As far as I’m concerned, these beasts are a Bad Idea ™ even when they are working as intended.
But, of course, the odds on them working correctly is vanishingly small.
This winter, a team of researchers at Ben-Gurion University of the Negev report on studies of consumer IOT devices including baby monitors, door bells, and a thermostat . The paper sketches their cookbook of methods to analyze, break into, and take over these and similar devices. This is a great tutorial on just how vulnerable your device really is!
They start by opening the cover, which is usually possible without disabling the device. Visual inspection reveals the components which have easy to read identification printed on them, of course. The hackers can easily identify the juicy memory modules and gaping access ports to go after.
The crucial step is, as they say, “Extraction of Firmware and Data”. The paper makes clear just how naked a computer is when the cover is off and it is in the enemy’s hands. Simple techniques sufficed to capture passwords and take control of the system. Ultimately, one way or another, they were able to extract the firmware for analysis. The game is pretty much over at this point.
It is interesting that the widespread use of Linux versions in IOT means that a captured firmware image can be analyzed with standard Unix utilities which have been around since I was a young programmer. For example, IOT devices which use Linux password protection can be conveniently analyzed on any Linux system, because the libraries are the same. Of course, brute force cracking can be slowed by good passwords, but they report relatively easy success with these IOT devices. Beside breaking passwords, analysis of the firmware can also reveal any number of other vulnerabilities.
Overall, they were able to break passwords in a number of devices (and found one null password—oops!). In some cases, they found open network access ports (telnet and FTP), or were able to set them up (because they had root access). Yoiks. They found WiFi credentials, they found hard coded private keys. Double Yoiks!
They also found strong indications that some of the devices were rebranded, i.e., built on the same components as other devices. In this case, the shared hardware and software also shared passwords and vulnerabilities as well. In any case, there are many replicates of each type of IOT device, so breaking in to one potentially compromises whole swathes of the network.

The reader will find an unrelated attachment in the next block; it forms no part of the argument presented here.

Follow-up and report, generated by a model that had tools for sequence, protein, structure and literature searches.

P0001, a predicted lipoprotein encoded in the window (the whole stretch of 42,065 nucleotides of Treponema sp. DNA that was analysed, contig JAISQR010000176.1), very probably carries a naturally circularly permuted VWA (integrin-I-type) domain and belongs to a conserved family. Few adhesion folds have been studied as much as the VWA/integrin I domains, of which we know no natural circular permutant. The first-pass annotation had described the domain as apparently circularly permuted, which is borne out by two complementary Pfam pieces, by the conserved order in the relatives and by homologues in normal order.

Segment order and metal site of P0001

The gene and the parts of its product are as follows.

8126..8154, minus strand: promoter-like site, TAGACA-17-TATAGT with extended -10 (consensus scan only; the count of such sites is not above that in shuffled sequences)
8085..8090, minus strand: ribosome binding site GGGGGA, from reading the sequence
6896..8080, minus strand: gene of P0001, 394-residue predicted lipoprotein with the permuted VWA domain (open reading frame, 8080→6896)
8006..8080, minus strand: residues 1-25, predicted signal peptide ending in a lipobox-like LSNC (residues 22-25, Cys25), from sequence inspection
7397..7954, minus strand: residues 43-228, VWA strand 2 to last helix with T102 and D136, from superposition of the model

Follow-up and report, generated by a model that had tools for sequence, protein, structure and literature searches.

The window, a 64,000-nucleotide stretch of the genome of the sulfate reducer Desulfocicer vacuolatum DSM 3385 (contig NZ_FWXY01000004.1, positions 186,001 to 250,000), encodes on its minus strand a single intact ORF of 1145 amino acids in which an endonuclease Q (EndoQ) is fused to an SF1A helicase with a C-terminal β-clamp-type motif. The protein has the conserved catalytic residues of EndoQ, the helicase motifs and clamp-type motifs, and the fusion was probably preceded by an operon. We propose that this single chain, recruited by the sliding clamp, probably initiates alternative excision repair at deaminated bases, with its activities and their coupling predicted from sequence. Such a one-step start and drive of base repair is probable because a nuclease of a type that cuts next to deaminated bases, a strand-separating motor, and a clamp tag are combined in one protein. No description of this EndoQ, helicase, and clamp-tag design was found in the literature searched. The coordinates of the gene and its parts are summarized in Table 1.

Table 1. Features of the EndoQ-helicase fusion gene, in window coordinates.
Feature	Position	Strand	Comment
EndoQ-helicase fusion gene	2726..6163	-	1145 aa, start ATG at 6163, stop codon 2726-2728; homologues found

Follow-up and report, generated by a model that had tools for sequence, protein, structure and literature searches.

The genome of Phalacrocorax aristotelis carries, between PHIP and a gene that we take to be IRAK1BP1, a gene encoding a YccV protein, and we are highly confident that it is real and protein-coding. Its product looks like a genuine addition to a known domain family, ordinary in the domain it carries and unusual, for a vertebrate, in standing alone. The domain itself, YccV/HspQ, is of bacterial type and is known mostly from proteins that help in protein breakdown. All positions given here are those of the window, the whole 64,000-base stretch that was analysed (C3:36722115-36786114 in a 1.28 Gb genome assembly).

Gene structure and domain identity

The authors make some completely straightforward recommendations for producers. Disable the ports! Use good passwords! Encrypt as much data as feasible!
Users have little they can do except don’t use these things!
The authors note that economic forces press manufacturers to create cheap products, cutting corners on security. It is also true that many designers have inadequate understanding of security issues.
I’ll add that these problems don’t stem from devices that are too dumb. Quite the contrary. The problem is that very capable processors with a full Linux operating system are cheap and ubiquitous. The success of these technologies has a perverse effect on design, lifting constraints an allowing complex and insecure systems to be built. These devices are far too capable for their intended use.
It is also interesting to note that these ubiquitous and mostly open source technologies are so widely used they are becoming a sort of technical monoculture. The same vulnerabilities are found in many different products because they are all built from a very limited “gene pool” of cheap technology.
Open source development is often put forward as a good approach to creating trustworthy and secure software. The more eyes, the better the software. And open software can’t have secret back doors or other shenanigans in them.
But, as we see in IOT, when relying on open source software also means that everyone is using the same software, there is the risk that serious bugs will be ubiquitous throughout a software monoculture.
Overall, it’s not a comforting picture. And there isn’t much a consumer can do, other than Turn It Off.
- Omer Shwartz, Yael Mathov, Michael Bohadana, Yuval Elovici, and Yossi Oren. Opening Pandora’s Box: Effective Techniques for Reverse Engineering IoT Devices. In Smart Card Research and Advanced Applications, 2018, 1-21. https://link.springer.com/chapter/10.1007%2F978-3-319-75208-2_1